MARCH 1, 1973.
THE PEOPLE OF THE STATE OF ILLINOIS, PLAINTIFF-APPELLEE,
DOUGLAS E. HURLEY, DEFENDANT-APPELLANT.
APPEAL from the Circuit Court of Sangamon County; the Hon.
JOHN B. WRIGHT, Judge, presiding.
MR. JUSTICE SMITH DELIVERED THE OPINION OF THE COURT:
The circuit court of Sangamon County sentenced the defendant to a term of two to five years in the penitentiary on a jury verdict finding him guilty of burglary. Issues raised are (1) the State failed to prove the defendant guilty beyond a reasonable doubt by failing to prove the ownership of the property as alleged in the burglary indictment; (2) an illegal search of the automobile; (3) failure to interrogate jurors on whether or not they had read newspaper articles in the Springfield papers; and (4) prejudiced statement of the prosecutor in closing argument.
• 1 The indictment alleged in its material part that "Douglas E. Hurley and Ronald E. Brunner, committed the offense of BURGLARY, in that they, without authority, knowingly entered a building at 2625 South Sixth Street, Springfield, Illinois, belonging to Sunshine Oil Co., Inc., doing business as Site Service Station, with the intent to commit therein a felony". It is at once apparent that we do not deal with the sufficiency of an indictment. We do deal with the sufficiency of the evidence to sustain the allegations in that indictment. We can find no reference in the testimony to Sunshine Oil Co., Inc. Keith Wells testified that he was the manager of the Site Service Station at 2625 South Sixth Street, Springfield, Illinois, stated that it was just north of the Supper Club and just north of the station is an apartment building. The testimony does not disclose whether Site Service Station is a trade-name used by Sunshine Oil Co., Inc., or whether it is some other type of legal entity. There is no question in this record but that the property was sufficiently identified, that the defendant had no authority to enter it in the early hours in the morning, and is amply sufficient to locate and precisely identify the place burglarized for purposes of double jeopardy and for purposes of making a proper and adequate defense.
In People v. Boyden, 7 Ill. App.2d 87, 129 N.E.2d 37, the court had occasion to consider the terms "manager", "operator", "proprietor", or "conductor" and stated these were not technical terms of art, but were common, ordinary, everyday terms having a reasonably well-understood acceptance in meaning and construed the three as synonymous. In People v. Armour, 133 Ill. App.2d 126, 263 N.E.2d 885, the court held that an indictment alleging that the defendant entered Walgreens Drug Store, "the property of Lawrence Richard Plunkett" was sufficiently established by the testimony of Plunkett that he was the manager of the store and his testimony that "I am in complete charge of the store at all times" was sufficient to establish occupancy and possession, and to establish the charge laid in the indictment. Legal title was not required. In the case at bar, the manager testified unequivocally that he was the manager of the Site Service Station. In the two cases cited, the term "manager" is held to sufficiently support a burglary indictment charging ownership. Indeed common sense teaches us that one who is managing a business can hardly do so without having some semblance of legal control, possession or otherwise. The record is clear that the term "Site Service Station" served the purpose of precisely and carefully identifying the property entered. There seems little doubt but that the evidence here offered meets the requirements of the statute and fully protects the defendant in his preparation for trial, his shield against a second prosecution, and certainly establishes that he had no right of entry and shows no prejudice. See People v. Viar, 131 Ill. App.2d 983, 268 N.E.2d 872; People v. McClain, 6 Ill. App.3d 451, 285 N.E.2d 239; People v. Kaprelian, 6 Ill. App.3d 1066, 286 N.E.2d 613.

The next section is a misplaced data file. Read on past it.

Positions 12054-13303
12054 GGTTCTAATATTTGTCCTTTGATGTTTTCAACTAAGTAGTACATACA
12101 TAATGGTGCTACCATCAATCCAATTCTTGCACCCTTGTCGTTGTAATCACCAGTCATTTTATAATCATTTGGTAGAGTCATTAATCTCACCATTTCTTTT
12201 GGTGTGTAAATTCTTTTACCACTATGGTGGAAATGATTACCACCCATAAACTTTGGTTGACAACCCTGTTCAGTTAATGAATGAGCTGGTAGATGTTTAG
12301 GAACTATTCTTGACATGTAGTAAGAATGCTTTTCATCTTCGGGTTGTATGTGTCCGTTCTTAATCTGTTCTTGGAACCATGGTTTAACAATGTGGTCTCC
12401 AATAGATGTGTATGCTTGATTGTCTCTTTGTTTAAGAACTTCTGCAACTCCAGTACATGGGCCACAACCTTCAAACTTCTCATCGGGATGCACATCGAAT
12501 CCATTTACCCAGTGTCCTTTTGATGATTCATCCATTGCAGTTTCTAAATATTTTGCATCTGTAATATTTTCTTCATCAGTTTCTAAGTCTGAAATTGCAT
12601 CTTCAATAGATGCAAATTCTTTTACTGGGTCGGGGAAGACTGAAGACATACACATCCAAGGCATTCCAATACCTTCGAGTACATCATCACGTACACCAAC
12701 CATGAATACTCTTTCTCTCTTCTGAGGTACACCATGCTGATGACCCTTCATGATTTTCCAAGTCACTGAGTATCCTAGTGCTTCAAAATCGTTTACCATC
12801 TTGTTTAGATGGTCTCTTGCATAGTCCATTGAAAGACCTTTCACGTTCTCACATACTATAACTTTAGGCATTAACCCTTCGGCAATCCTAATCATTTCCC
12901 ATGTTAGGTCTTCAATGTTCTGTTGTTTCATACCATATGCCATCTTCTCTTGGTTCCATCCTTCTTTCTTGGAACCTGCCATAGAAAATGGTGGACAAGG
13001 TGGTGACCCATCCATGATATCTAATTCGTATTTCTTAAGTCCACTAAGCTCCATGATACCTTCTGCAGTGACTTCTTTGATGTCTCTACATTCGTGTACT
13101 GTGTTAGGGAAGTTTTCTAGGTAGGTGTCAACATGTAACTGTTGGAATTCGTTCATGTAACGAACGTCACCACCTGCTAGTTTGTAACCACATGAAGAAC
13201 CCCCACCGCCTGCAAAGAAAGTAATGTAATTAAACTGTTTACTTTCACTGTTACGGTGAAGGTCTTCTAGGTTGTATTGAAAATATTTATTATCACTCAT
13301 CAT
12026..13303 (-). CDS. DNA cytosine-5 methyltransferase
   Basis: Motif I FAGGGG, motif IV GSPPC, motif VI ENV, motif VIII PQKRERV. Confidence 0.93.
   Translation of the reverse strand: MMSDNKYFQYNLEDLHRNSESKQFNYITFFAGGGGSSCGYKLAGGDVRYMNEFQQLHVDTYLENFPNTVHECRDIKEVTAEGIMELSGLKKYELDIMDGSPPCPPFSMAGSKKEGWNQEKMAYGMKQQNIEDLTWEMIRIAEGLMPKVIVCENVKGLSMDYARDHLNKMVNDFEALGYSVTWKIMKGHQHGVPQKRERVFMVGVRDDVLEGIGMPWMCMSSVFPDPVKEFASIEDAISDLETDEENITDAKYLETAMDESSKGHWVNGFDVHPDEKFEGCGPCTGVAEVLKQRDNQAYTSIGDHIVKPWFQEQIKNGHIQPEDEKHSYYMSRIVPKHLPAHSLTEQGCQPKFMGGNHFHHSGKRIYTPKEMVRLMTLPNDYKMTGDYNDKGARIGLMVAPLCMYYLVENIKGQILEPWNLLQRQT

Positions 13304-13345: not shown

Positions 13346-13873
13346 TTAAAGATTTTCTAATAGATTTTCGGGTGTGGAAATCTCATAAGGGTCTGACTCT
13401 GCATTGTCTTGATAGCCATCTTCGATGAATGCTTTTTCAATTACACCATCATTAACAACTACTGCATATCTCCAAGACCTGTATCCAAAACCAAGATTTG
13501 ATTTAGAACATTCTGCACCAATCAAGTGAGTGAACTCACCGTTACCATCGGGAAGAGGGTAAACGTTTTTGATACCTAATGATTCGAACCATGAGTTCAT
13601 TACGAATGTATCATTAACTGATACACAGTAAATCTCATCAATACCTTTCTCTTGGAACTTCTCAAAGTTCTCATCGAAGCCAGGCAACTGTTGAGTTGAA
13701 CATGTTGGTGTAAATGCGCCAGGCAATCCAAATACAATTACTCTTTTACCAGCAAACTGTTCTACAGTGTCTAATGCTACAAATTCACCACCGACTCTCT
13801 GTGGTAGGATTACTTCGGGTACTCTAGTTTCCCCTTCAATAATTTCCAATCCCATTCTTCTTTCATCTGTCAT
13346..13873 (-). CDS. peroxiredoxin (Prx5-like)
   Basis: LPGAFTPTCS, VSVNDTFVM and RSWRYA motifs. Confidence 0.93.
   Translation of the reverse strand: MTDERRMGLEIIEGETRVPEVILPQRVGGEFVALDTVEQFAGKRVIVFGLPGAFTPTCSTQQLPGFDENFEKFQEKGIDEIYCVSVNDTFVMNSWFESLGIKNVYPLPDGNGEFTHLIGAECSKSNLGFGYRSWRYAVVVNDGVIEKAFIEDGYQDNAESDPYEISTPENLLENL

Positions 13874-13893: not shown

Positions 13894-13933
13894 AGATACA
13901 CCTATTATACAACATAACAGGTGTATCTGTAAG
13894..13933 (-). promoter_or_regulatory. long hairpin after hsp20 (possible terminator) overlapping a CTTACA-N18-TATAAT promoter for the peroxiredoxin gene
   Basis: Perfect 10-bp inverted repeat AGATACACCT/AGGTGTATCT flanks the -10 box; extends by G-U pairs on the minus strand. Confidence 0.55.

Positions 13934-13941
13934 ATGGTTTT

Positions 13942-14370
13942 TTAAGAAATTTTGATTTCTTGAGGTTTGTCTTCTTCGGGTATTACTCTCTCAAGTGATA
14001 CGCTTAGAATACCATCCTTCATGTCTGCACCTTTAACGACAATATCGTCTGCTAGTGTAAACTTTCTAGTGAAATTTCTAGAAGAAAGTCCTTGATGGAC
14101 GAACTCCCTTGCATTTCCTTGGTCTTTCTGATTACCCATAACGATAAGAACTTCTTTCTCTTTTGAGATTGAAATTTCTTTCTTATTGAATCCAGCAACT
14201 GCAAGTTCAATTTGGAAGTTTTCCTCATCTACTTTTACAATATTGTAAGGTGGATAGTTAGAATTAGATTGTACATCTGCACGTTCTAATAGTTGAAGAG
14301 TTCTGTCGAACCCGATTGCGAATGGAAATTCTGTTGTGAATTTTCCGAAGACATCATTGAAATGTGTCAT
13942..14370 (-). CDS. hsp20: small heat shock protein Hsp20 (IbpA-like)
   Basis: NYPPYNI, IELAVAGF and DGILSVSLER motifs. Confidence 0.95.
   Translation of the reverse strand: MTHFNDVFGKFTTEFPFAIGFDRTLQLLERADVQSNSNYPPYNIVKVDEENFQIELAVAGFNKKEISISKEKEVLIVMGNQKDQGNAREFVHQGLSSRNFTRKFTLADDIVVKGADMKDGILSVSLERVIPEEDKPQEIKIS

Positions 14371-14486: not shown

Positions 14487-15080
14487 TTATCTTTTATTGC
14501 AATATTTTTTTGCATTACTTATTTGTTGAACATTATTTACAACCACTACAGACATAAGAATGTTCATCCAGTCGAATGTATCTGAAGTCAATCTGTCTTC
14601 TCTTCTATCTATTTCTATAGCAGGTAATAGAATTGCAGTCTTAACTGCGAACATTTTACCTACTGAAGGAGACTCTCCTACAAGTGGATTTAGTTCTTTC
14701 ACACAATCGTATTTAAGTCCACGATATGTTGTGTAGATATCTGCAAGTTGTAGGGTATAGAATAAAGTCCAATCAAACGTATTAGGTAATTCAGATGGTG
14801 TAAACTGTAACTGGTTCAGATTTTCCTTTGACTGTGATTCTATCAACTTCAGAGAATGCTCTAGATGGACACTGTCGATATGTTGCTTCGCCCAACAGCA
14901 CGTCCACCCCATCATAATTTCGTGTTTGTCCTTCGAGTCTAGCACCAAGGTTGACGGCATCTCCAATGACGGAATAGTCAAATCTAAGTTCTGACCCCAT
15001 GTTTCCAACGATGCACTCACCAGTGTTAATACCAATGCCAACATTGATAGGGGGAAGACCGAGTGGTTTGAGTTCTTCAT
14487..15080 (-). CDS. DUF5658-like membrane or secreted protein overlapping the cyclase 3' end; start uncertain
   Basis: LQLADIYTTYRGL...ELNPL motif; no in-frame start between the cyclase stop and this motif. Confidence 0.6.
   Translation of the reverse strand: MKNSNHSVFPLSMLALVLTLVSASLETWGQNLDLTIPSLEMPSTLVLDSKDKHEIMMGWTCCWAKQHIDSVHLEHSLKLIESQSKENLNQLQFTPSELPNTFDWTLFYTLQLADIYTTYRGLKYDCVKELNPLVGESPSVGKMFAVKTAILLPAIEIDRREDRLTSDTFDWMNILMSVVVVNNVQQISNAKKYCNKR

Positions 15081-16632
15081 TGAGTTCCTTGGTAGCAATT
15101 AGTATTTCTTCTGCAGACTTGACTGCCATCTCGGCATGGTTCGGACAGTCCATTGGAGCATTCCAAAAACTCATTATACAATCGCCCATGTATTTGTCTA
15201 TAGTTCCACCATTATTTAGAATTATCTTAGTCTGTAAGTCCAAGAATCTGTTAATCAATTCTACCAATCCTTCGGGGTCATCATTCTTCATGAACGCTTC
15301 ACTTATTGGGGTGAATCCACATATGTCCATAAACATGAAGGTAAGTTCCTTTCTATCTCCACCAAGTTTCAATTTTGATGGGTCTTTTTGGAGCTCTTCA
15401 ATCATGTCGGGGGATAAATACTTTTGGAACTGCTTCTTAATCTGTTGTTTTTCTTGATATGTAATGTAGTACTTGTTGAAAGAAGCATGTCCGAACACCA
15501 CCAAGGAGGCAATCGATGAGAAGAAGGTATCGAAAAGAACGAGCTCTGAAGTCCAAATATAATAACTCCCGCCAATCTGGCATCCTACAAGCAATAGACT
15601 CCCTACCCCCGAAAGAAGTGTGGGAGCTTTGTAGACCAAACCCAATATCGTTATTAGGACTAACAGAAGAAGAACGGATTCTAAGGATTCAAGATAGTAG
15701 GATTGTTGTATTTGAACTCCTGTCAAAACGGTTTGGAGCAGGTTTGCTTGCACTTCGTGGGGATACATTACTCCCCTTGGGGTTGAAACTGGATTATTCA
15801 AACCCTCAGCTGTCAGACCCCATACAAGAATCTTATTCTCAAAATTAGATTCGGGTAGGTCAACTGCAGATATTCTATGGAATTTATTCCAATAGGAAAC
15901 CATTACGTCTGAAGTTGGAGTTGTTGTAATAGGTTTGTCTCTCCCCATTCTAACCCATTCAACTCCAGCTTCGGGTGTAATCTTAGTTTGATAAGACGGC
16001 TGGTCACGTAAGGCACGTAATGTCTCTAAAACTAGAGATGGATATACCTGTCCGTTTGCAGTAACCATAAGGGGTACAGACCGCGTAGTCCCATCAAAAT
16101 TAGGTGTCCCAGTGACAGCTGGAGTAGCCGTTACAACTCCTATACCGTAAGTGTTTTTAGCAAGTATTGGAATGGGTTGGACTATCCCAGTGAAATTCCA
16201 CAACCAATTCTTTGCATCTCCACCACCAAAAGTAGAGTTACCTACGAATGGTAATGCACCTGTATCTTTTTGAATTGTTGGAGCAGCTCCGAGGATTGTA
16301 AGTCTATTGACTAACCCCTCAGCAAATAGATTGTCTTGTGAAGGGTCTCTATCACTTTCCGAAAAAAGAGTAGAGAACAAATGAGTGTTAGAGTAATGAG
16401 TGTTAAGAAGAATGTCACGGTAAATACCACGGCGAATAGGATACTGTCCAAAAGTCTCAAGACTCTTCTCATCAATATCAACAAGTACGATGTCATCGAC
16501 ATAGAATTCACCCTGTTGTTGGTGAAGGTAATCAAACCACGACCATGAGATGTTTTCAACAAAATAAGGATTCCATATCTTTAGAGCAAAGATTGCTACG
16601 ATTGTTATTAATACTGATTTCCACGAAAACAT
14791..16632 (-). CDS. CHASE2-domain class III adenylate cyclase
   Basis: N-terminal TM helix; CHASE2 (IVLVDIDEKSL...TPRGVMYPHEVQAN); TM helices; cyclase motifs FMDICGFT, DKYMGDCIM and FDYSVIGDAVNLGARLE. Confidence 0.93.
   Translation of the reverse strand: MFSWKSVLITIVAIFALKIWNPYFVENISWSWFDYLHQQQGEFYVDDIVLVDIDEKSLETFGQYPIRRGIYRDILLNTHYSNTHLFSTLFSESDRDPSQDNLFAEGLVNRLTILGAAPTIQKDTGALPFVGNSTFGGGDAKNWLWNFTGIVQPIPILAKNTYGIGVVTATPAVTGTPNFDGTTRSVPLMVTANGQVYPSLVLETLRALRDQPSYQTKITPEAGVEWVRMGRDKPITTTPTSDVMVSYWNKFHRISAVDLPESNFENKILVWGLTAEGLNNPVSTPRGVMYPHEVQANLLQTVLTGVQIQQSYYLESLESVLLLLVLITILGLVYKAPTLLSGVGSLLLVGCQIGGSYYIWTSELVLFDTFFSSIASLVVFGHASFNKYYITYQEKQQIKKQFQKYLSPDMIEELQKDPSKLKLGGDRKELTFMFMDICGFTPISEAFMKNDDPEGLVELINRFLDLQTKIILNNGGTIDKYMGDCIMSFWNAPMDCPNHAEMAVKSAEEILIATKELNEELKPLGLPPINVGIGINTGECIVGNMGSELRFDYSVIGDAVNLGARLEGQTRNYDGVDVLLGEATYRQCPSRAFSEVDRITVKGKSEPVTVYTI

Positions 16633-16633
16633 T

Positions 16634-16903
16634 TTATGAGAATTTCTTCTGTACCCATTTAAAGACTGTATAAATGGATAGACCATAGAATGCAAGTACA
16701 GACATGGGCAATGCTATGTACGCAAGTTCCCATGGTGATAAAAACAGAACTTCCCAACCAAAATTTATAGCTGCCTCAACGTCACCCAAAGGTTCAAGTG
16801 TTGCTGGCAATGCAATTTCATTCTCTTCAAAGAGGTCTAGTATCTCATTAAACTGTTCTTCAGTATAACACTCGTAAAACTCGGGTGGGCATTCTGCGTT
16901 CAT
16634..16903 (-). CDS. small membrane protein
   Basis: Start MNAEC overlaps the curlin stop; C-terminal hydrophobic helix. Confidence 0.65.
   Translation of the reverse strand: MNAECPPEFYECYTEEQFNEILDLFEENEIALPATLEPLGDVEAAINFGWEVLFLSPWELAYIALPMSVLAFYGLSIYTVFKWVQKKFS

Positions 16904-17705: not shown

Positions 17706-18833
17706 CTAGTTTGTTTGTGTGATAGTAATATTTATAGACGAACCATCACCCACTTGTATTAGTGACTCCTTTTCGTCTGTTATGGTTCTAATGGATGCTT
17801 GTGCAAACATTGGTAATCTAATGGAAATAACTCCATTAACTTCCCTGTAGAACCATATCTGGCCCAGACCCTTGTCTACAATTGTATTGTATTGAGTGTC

• 2 In People v. Ogden, 123 Ill. App.2d 46, 259 N.E.2d 361, the indictment charged ownership by A and a lease by B and the court there stated that proof of operation by the lessee was sufficient evidence of ownership and established her right to possession as against the defendant. The name of the lessee, Madeline Gibson, was mentioned both in the indictment and in the proof, and the property was otherwise thoroughly identified. There the conviction was affirmed. In People v. Harden, 42 Ill.2d 301, 247 N.E.2d 404, the indictment charged a theft of a ring, "the property of Gordon Brantley". The proof showed the ring belonged to a partnership consisting of Gordon Brantley and his wife. The court held that there was sufficient proof of ownership although obviously a technical variance between allegation and proof. In People v. Foster, 30 Ill.2d 106, 195 N.E.2d 700, the indictment charged that the apartment house was the property of Nickerson and the evidence showed that he in fact was simply a tenant, but that his possessory interest as such was sufficient to establish occupancy or possession as a tenant under a charge of ownership. It is thus clear that every variance is neither fatal nor does it mandate a new trial unless prejudices can be shown. It wasn't here.